It is possible that there is a bug in grubby or your usecase isn't covered, but that problem would be different from the problem described here.
> Then I updated kernel from updates-testing repo. After this, default entry
> in grub.cfg took value "0".
> I'm not sure that it's really a grubby's task, but anyway seems like it
> isn't possible to boot a non-first entry by default for now.
It is possible to do that with grub2 - but grubby will perhaps spoil it when upgrading kernels.
Note that the scripts for creating the initial grub.cfg is in /etc, so everything is possible by customizing them ... but obviously grubby can't know how to handle such a custom grub.cfg "correctly".
The best workaround might be to run grub2-mkconfig manually after a new kernel has been installed. (That command is IMO not suitable to be run automatically when a new kernel is installed. That is why something like grubby is needed.)
(In reply to comment #10)
> Fedora has "always" used grubby to patch boot loader configuration files
> when new kernels are installed.
I meant just grub functionality, not a distro-scope one.
> It is possible that there is a bug in grubby or your usecase isn't covered,
> but that problem would be different from the problem described here.
> The best workaround might be to run grub2-mkconfig manually after a new
> kernel has been installed.
Ok, it could be done even automated with yum-plugin-post-transaction-actions, but what is a more proper way? I saw #768106 but it seems a bit different because of it deals with saved entry and subject case has nothing with it.
> It is possible to do that with grub2
Could you please specify what way are you talking about? I've found no possibility to boot second entry with current submenu structure.
(In reply to comment #11)
Why did you make this bug report private?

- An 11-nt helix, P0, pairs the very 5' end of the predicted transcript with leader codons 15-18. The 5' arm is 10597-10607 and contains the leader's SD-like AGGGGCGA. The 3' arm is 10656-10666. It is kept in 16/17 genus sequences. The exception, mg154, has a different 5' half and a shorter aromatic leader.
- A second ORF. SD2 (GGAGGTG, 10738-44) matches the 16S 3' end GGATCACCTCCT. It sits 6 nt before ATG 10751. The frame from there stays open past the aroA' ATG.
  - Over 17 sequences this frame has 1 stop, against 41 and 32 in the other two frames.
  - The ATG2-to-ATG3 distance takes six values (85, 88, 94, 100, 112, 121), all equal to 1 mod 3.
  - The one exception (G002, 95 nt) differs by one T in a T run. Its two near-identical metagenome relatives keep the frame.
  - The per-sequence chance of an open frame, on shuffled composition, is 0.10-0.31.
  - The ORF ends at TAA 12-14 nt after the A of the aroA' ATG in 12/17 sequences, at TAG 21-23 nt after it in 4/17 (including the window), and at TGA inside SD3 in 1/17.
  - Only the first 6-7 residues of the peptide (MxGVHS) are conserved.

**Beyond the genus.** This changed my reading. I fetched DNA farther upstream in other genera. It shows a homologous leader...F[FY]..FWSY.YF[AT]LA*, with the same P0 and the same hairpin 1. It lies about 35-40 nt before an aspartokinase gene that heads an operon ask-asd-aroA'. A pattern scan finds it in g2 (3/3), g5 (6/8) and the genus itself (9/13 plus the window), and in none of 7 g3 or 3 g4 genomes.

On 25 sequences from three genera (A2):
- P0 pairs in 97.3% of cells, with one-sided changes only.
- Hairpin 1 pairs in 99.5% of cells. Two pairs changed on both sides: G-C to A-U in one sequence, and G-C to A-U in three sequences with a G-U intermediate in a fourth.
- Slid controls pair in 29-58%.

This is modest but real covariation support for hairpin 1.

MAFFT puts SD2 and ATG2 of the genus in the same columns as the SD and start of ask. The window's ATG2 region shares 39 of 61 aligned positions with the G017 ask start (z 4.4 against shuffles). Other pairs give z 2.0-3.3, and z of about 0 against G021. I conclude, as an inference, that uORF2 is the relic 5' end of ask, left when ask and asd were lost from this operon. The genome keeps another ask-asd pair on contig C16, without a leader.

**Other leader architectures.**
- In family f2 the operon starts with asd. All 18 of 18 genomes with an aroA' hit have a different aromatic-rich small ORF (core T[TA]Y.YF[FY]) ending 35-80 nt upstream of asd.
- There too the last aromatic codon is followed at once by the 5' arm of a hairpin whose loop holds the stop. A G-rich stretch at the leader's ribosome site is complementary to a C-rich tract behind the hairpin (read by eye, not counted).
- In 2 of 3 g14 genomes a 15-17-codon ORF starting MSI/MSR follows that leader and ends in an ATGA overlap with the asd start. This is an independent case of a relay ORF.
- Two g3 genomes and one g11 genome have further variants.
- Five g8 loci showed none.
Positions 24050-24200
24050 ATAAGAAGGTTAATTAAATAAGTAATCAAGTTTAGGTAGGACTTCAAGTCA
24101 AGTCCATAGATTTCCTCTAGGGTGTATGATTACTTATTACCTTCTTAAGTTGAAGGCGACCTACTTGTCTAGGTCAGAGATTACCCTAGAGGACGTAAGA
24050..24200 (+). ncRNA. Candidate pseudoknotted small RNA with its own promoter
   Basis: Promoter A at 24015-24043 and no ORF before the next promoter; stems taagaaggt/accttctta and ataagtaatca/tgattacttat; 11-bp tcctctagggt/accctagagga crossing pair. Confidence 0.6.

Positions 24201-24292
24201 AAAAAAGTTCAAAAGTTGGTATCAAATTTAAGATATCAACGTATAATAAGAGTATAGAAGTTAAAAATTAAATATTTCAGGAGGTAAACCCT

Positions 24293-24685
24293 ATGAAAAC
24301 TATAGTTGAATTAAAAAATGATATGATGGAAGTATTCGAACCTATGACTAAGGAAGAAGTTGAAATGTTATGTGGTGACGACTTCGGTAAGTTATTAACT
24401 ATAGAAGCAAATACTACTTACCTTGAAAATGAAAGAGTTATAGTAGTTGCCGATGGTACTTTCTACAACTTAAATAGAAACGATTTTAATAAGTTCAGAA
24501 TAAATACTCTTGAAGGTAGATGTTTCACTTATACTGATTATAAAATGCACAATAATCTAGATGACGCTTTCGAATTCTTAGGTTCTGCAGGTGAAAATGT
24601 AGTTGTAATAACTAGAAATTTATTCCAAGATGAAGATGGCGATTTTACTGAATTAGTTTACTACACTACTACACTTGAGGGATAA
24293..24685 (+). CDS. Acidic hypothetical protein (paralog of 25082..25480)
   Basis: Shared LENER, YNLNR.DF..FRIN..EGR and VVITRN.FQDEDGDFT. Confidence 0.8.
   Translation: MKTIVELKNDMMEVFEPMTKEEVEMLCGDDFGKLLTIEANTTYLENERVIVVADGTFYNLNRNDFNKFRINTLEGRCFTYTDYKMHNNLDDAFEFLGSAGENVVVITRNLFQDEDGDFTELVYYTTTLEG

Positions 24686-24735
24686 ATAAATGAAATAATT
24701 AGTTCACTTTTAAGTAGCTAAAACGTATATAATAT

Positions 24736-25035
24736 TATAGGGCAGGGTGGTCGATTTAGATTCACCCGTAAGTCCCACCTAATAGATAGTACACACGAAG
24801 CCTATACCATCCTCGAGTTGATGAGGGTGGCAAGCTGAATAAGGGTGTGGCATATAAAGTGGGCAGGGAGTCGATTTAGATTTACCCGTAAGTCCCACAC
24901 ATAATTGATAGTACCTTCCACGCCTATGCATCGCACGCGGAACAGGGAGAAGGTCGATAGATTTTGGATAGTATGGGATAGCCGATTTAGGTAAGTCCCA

> Ok, it could be done even automated with
> yum-plugin-post-transaction-actions, but what is a more proper way?
I don't know. But this bug report is not the right place to discuss that.
> > It is possible to do that with grub2
> Could you please specify what way are you talking about? I've found no
> possibility to boot second entry with current submenu structure.
You can do it by specifying the named path to that entry. There might not be a way to do it by position because that would be fragile and unpredictable.
If you would like to change how grub2-mkconfig create grub.cfg then I would recommend getting involved upstream.
(In reply to comment #12)
> Why did you make this bug report private?
Hm, I didn't touch that flag.. Maybe it is related to recent bugzilla update.
> I don't know. But this bug report is not the right place to discuss that.
This is my question---what's the right one. Ok, I'll try to ask it upstream.
grub upstream do not have other solution to kernel upgrade than running grub-mkconfig again - and probably setting the new default kernel with grub-set-default. grub upstream is not familiar with grubby and do for good reasons not like it or care about it.
Discussion of integration of grub2 with Fedora and whether grubby is up to that task should probably happen on the fedora devel mailing list ... but most work and decisions in this area will probably be made by the package maintainer and the RH cabal - all very busy.
Please try to remove the private flag.
Sorry, I can't—the checkbox is disabled for me.